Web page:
How would you feel if a stranger abducted and sexually assaulted a female during lunchtime and in the same block as your daughter’s school?
And how would you feel if your school administrators and police officials never told you, other parents, and students about the incident for 12 days?
This happened near David Douglas High School in Portland, Oregon. But police asked school officials not to alert the public out of concern it would impede their investigation according to a February story from The Oregonian.
School officials eventually issued a letter advising parents to go over “common safety precautions” with their children such as walking in groups and running or yelling if approached.
As a former school investigator of such incidents, I understand the goal of arresting and prosecuting such a suspect. But as a parent, I also understand how angry I would be if I knowingly let my child walk in this area with no knowledge of the incident and the specific accompanying heightened risks.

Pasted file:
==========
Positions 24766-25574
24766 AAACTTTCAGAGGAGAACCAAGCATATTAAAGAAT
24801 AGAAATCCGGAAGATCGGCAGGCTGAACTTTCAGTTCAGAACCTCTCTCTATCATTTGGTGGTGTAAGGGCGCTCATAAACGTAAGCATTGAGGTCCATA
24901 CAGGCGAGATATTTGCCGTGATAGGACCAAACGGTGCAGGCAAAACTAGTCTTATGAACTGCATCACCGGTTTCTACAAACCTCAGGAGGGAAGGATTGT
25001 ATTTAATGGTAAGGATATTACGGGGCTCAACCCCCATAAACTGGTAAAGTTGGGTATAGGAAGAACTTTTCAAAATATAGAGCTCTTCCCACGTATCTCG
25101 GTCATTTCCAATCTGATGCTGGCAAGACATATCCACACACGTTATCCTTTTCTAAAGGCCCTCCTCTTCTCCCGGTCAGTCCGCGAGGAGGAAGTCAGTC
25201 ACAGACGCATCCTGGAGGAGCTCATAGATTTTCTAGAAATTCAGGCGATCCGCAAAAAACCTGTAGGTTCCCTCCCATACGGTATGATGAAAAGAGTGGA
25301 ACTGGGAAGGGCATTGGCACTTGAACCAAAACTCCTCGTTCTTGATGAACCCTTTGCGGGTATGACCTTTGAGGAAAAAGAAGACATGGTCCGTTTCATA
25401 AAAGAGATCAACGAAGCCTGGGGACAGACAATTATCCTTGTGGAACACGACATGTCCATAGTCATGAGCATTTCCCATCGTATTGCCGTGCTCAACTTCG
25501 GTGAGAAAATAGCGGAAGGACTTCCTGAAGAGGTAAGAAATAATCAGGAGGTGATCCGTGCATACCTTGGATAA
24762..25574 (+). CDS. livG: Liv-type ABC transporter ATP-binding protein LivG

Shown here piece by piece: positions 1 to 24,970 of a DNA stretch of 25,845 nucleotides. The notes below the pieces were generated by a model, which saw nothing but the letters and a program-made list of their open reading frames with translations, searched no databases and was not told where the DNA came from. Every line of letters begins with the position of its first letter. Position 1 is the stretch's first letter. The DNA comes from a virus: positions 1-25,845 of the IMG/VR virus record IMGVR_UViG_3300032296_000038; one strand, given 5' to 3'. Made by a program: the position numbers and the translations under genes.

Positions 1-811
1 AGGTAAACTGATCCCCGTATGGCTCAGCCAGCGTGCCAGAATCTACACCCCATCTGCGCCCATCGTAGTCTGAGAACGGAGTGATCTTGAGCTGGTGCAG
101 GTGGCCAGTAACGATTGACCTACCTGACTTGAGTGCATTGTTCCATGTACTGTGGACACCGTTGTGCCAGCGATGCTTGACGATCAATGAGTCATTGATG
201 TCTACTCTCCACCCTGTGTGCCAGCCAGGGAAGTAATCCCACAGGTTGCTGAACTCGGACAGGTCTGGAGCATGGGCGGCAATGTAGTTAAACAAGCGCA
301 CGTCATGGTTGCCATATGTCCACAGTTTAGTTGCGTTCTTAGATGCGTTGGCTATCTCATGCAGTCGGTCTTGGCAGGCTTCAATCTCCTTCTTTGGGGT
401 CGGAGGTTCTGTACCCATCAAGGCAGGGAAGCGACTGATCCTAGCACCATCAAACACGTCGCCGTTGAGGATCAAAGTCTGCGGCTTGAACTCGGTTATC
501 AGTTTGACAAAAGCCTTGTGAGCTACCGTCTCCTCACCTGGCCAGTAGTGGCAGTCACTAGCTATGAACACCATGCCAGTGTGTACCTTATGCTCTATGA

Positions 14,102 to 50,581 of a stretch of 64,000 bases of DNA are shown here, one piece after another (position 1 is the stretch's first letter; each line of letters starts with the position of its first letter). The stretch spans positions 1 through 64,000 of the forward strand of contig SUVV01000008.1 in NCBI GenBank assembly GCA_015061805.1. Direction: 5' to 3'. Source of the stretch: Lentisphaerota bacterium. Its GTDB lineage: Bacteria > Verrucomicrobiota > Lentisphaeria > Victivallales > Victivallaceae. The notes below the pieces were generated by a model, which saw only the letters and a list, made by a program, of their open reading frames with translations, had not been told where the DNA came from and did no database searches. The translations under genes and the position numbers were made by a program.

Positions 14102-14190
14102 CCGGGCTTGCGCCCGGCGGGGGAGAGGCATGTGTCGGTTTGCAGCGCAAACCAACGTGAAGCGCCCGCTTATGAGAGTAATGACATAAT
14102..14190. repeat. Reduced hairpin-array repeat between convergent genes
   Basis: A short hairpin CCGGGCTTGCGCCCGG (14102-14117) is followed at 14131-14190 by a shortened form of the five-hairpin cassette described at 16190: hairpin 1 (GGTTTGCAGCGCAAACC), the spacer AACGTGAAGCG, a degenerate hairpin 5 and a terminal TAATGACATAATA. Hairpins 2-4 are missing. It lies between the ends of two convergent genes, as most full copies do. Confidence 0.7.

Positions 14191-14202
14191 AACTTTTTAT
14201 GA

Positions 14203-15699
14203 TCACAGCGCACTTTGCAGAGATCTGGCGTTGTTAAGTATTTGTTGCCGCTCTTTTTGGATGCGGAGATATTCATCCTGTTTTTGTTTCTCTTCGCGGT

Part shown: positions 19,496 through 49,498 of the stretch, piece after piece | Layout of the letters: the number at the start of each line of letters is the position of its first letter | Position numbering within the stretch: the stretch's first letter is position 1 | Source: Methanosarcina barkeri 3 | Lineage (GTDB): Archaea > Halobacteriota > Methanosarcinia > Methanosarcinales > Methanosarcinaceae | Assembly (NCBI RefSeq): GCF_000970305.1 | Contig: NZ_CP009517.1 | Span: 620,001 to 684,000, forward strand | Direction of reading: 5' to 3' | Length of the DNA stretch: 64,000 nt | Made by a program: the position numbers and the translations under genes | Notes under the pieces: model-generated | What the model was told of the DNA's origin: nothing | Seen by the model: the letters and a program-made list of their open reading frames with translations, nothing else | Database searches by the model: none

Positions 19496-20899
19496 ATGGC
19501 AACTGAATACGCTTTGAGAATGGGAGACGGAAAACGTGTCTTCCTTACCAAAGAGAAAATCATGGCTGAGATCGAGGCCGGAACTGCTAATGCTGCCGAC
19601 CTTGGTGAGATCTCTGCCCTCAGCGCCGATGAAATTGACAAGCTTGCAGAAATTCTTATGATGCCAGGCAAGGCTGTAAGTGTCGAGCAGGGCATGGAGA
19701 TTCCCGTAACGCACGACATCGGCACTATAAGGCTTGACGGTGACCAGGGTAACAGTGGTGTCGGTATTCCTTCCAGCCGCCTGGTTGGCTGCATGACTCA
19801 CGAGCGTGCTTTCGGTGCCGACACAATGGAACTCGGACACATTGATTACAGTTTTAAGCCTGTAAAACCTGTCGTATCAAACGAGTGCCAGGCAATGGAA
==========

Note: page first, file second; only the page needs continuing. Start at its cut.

As a national consultant on school security issues, my advice to school (and police) officials would have been to err on the side of communicating the true circumstances to students, parents, and the school-community in a timely manner. First, I would want students, parents, and my school neighbors on heightened alert. Maybe they saw something, or would see something, to identify the suspect.
I would have a hard time living with myself as a principal if I withheld information on a known threat and one of my students was subsequently abducted, sexually assaulted, or otherwise victimized. Giving general information may or may not push people’s attention to the desired heightened level. Discussion of a specific incident likely would create greater attentiveness.
I believe most parents and students would agree, even if the suspect in the initial attack was not immediately apprehended. Chances are such an immediate apprehension could be highly unlikely anyway.
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